A family tries to learn from the mistakes of past generations in this whirlwind memoir from a wholly original new voice.
The Caetanos move into a doomed house in the highway village of Happyland before an inevitable divorce pulls Cody’s parents in separate directions. His mom, Mindimooye, having discovered her Anishinaabe birth family and Sixties Scoop origin story, embarks on a series of fraught relationships and fresh starts. His dad, O Touro, a Portuguese immigrant and drifter, falls back into “big do, little think” behaviour, despite his best intentions.
Left alone at the house in Happyland, Cody and his siblings must fend for themselves, even as the pipes burst and the lights go out. His protective big sister, Kris, finds inventive ways to put food on the table, and his stoic big brother, Julian, facilitates his regular escapes into the world of video games. As life yanks them from one temporary solution to the next, they steal moments of joy and resist buckling under “baddie” temptations aplenty.
Capturing the chaos and wonder of a precarious childhood, Cody Caetano delivers a fever dream coming-of-age garnished with a slang all his own. Half-Bads in White Regalia is an unforgettable debut that unspools a tangled family history with warmth, humour, and deep generosity.
About the author
CODY CAETANO is a writer of Anishinaabe and Portuguese descent and an off-reserve member of Pinaymootang First Nation. He has an MA in Creative Writing from the University of Toronto, where he wrote this memoir under the mentorship of Lee Maracle. Excerpts of Half-Bads in White Regalia earned him a 2020 Indigenous Voices Award for Unpublished Prose.
Excerpt: Half-Bads in White Regalia: A Memoir (by (author) Cody Caetano)
Before I was born, and before we moved to Happyland, two half-bads named Mindimooye and O Touro rented a three-bedroom townhouse in Toronto’s Downsview neighbourhood. And while I have about zero memories of them ever getting intimate, mind a brief kiss during Fear Factor or a good-job-baby embrace after watching me beat the opening boss on Star Fox 64, they most certainly did a big do one awfully hot and soggy mid-August day in 1994. Cuz nine months later Mindimooye rushed her butt over to Women’s College Hospital when she broke water. Said I came out in no time flat and with an obstructed intestinal tract that made me gassy and colicky. She named me after Mel Gibson’s kid in Tequila Sunrise, which I’ve never watched and don’t plan on watching anytime soon, thank you very much. But just picture colicky me and Mindimooye getting plenty sick back then. Ziplocked ice cubes melting in pellets down her crown and the constant rhythm of pinching and twisting the lids off medicine bottles. Got this sick with my big brother, Julian, too. Rightfully blames the cartons of cigs and cough antibiotics, even remembers calling poison control one time. Anything to kick those vise-grip headaches and fevers that wouldn’t quit. Sometime around then I got dropped on the head, which explains a bit.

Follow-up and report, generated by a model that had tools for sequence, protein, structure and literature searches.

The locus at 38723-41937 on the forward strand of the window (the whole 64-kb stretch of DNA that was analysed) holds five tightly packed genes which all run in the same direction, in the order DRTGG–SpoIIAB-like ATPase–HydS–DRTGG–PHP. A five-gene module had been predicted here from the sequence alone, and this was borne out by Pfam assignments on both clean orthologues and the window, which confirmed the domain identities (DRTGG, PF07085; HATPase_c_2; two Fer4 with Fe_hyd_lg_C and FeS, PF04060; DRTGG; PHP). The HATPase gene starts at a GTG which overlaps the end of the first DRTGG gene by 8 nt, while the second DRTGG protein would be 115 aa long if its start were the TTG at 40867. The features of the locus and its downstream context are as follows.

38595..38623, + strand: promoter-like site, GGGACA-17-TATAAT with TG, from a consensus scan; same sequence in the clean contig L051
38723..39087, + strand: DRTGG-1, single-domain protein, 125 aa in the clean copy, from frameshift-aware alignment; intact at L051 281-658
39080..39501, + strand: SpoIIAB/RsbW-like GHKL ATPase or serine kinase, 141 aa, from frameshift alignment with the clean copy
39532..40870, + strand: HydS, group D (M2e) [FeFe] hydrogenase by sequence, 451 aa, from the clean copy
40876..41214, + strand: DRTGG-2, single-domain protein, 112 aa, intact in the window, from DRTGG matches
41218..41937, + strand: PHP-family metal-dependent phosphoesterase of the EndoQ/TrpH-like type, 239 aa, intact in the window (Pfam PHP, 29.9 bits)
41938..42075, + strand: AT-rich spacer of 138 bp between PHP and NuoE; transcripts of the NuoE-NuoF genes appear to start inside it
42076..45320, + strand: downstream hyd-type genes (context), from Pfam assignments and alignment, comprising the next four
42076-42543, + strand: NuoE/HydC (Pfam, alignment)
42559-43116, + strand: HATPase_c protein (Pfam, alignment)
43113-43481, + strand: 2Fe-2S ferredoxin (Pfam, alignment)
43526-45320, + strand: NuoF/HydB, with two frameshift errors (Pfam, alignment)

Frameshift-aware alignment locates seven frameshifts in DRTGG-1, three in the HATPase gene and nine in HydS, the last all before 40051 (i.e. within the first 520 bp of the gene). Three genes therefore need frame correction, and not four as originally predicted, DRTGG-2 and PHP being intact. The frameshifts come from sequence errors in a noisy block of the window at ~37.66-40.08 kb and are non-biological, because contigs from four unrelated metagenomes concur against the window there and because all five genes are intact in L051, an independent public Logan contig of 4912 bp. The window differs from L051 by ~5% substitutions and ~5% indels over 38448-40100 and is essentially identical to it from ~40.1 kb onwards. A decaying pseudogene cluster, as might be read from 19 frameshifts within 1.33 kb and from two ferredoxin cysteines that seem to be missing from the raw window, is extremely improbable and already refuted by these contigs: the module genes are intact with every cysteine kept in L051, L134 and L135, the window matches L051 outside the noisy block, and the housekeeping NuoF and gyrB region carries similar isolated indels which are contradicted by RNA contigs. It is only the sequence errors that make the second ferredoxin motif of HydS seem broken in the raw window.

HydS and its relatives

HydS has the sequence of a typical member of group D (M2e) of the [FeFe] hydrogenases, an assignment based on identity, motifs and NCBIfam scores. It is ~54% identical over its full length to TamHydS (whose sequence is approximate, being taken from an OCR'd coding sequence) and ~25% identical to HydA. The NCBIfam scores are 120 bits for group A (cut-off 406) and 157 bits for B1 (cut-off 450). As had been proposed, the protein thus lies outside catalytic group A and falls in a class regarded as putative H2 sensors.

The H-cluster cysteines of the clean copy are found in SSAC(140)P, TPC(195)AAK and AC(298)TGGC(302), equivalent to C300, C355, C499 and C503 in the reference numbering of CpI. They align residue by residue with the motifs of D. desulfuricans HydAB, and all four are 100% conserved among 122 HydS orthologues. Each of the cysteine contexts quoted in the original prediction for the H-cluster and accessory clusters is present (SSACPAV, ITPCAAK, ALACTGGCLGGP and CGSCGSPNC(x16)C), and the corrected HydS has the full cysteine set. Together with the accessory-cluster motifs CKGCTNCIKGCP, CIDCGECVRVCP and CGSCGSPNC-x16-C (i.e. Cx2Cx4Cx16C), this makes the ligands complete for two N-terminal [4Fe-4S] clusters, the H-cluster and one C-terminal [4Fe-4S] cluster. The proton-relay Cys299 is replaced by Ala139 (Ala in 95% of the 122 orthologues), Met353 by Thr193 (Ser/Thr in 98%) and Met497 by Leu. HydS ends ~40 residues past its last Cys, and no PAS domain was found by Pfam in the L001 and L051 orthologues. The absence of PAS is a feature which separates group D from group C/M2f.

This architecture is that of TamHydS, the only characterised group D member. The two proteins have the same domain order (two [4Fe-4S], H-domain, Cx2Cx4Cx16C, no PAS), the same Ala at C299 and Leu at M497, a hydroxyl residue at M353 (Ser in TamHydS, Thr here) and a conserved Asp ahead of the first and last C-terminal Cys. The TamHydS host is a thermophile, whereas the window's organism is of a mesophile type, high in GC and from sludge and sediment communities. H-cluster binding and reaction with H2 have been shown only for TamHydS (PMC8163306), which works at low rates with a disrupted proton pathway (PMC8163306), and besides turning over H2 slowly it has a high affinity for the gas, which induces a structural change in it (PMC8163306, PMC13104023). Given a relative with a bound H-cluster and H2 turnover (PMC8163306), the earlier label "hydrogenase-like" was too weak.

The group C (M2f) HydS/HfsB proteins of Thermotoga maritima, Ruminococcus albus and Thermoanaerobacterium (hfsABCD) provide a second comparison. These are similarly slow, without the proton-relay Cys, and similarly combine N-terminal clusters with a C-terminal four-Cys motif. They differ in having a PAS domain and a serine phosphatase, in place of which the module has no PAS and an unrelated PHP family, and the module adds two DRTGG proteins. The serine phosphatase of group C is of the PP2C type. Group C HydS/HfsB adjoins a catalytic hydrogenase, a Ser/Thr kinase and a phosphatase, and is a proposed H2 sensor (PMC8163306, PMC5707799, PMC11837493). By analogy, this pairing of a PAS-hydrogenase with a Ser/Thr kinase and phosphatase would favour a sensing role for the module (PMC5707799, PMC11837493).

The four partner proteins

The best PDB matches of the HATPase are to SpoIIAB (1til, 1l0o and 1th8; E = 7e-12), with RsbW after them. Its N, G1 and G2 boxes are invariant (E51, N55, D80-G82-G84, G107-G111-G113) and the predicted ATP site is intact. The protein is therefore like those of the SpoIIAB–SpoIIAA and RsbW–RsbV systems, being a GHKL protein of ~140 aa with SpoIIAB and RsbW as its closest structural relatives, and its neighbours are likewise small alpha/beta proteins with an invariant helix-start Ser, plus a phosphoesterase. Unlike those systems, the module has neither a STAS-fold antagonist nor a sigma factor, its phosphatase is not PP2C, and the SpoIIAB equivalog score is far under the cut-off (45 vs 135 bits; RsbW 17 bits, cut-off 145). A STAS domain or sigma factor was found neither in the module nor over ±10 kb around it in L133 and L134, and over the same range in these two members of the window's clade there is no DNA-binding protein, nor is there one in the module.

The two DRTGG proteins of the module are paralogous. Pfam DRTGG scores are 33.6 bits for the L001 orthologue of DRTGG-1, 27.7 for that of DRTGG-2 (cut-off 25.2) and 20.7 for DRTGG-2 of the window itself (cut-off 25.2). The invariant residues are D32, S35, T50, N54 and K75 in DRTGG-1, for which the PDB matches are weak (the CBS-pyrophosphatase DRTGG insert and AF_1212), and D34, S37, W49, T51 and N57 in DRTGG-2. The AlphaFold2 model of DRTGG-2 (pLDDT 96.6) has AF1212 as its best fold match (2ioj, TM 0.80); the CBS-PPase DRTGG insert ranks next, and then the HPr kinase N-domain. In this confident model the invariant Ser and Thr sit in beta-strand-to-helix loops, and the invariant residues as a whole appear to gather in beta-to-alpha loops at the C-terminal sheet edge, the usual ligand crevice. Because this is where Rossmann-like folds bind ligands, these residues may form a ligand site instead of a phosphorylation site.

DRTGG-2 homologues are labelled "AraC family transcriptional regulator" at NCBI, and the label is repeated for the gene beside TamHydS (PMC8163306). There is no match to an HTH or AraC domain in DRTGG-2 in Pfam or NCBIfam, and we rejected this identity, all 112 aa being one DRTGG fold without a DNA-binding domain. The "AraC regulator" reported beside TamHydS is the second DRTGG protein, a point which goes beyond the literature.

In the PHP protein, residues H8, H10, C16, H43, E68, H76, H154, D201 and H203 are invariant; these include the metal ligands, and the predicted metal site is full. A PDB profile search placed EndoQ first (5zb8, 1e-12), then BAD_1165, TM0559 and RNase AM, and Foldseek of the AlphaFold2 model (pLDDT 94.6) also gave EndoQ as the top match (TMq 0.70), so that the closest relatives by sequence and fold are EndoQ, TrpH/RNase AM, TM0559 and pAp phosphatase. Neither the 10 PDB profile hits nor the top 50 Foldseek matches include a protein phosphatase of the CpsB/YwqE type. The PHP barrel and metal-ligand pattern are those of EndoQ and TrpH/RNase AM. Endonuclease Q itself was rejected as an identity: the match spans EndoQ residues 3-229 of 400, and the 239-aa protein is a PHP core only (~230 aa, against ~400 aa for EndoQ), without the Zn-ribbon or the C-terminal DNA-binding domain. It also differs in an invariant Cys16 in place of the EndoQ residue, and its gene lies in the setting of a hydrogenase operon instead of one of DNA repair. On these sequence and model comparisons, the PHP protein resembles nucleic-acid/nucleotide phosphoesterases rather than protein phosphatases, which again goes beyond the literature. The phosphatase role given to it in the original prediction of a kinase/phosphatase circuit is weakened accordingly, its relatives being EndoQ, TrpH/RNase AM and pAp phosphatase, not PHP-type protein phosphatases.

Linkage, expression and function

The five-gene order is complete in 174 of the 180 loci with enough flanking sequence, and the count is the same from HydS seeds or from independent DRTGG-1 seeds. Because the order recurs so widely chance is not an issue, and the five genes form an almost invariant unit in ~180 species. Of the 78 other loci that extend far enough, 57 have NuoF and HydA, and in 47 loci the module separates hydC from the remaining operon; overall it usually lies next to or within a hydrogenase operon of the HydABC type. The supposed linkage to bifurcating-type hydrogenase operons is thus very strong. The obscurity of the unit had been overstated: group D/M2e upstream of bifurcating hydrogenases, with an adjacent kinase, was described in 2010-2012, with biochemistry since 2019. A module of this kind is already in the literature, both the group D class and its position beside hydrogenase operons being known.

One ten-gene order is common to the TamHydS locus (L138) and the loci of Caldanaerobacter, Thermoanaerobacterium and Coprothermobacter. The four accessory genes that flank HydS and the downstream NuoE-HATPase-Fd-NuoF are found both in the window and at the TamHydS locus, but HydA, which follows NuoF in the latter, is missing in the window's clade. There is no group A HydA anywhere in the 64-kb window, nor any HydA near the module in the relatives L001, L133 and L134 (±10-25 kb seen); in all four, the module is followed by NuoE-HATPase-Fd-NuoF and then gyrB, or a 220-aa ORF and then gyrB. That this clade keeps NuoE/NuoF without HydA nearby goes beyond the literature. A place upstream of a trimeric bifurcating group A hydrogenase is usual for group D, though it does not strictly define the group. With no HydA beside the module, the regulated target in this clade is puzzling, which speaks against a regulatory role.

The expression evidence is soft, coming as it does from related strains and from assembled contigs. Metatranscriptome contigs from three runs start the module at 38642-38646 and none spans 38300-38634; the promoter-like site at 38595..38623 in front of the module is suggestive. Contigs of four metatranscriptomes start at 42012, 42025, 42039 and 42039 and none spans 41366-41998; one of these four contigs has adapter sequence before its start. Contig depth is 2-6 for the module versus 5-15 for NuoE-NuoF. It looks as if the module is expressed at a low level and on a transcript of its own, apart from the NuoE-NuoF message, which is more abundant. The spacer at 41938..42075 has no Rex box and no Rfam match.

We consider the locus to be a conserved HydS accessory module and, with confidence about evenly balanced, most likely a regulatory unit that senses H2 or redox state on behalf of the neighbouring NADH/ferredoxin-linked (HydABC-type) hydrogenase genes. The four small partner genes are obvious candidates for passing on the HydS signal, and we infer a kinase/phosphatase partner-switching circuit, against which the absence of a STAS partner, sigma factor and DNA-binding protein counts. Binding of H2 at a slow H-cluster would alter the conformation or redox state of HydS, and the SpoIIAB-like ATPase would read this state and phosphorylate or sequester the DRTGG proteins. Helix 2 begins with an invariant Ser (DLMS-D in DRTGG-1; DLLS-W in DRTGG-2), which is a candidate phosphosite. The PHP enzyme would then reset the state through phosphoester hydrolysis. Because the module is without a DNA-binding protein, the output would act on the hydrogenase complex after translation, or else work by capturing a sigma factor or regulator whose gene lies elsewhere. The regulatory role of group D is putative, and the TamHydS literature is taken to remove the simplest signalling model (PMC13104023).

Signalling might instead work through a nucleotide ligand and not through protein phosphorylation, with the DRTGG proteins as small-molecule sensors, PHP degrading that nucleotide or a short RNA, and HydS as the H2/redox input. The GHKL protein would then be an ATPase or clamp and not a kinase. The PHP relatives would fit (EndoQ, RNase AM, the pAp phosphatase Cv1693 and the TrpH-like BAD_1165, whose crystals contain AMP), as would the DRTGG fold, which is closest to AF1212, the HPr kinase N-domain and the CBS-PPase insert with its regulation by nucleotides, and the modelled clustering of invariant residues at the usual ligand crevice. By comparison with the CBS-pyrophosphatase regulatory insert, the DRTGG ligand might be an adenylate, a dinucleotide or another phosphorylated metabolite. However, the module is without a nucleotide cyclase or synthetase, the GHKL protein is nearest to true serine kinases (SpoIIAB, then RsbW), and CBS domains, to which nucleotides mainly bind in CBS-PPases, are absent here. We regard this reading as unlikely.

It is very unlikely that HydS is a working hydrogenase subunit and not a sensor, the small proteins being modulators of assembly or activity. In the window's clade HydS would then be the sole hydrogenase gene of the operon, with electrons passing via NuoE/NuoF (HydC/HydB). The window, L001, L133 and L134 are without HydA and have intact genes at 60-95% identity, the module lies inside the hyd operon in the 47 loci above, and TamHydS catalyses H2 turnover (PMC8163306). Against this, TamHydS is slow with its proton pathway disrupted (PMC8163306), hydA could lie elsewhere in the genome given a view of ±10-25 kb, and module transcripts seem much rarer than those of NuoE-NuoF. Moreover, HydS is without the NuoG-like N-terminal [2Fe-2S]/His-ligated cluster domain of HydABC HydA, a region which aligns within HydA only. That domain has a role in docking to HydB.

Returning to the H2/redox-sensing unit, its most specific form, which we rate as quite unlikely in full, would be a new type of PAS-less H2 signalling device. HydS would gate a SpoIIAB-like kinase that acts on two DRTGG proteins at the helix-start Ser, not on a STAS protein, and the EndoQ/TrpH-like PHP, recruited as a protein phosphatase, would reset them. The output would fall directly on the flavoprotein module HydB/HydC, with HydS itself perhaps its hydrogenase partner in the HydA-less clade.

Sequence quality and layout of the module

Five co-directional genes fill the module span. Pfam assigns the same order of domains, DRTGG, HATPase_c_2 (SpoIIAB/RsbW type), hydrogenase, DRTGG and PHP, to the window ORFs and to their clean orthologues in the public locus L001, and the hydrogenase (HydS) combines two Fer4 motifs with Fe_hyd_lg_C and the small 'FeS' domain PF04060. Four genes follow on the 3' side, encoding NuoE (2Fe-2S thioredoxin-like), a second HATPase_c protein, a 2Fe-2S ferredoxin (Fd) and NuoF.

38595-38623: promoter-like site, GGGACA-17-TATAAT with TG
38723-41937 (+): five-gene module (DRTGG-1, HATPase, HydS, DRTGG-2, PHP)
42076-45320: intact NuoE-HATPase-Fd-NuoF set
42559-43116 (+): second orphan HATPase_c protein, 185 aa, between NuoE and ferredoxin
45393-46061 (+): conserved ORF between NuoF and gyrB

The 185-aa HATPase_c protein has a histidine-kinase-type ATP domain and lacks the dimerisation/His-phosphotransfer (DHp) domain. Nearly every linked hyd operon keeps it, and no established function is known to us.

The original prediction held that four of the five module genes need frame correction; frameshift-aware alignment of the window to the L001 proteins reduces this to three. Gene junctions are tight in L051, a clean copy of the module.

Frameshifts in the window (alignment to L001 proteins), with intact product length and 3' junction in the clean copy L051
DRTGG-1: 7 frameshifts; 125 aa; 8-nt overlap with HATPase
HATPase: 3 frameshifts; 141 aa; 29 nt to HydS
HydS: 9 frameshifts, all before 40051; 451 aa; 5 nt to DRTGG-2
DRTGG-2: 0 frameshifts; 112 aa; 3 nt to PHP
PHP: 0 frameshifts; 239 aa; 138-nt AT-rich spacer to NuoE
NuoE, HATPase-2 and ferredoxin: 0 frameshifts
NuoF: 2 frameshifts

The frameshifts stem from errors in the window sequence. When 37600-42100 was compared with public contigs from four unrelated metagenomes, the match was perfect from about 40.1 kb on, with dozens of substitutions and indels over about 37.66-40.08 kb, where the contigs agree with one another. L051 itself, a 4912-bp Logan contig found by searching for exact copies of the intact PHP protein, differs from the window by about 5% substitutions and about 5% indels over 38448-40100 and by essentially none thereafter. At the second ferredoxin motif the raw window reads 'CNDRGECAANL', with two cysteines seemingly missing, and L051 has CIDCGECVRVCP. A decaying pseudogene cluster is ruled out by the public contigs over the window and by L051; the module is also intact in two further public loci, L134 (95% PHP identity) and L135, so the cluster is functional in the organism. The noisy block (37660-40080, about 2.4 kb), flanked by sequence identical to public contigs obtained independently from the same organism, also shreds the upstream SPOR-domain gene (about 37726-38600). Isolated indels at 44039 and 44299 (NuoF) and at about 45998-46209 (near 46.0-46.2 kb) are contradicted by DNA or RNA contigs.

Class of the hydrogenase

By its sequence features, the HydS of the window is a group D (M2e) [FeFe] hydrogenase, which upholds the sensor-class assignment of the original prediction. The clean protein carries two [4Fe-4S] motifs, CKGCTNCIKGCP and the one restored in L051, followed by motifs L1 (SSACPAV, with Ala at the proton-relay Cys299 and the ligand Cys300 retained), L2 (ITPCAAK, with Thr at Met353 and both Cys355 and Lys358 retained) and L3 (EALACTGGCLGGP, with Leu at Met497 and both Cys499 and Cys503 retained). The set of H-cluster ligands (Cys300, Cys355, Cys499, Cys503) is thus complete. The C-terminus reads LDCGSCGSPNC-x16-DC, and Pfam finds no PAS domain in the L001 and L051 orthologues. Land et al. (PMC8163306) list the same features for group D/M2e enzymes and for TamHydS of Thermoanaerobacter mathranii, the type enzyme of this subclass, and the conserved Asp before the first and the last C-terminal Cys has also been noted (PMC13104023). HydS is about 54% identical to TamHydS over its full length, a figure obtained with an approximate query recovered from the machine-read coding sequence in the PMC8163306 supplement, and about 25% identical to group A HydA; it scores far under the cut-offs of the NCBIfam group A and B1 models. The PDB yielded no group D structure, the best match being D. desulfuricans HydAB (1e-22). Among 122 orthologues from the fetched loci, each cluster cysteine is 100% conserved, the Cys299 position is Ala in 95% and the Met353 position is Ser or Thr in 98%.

Like plenty, O Touro and Mindimooye got sick of living in the city. Cuz cities make people sick sometimes. Besides, O Touro had always wanted to leave and try raising his family on a river. Something to offer me and Julian and our big sister, Kristine. Cuz O Touro would swim as a fish if he could.
When Mindimooye got a job as a server at Casino Rama, making seven dollars an hour plus infinite tippage, she and O Touro went looking for a house around there. They wanted the bush but settled for half-bush. (If you can still hear the highway, you’re not in the bush.)
One of the casino bartenders who sometimes flirted with O Touro told them about this four-bedroom, two-floor house at the maw of a marshy forest that faded into leafy darkness. Granny suite on the bottom floor. Just a fifteen-minute drive from Sunshine City and Casino Rama, too. Rural route number three.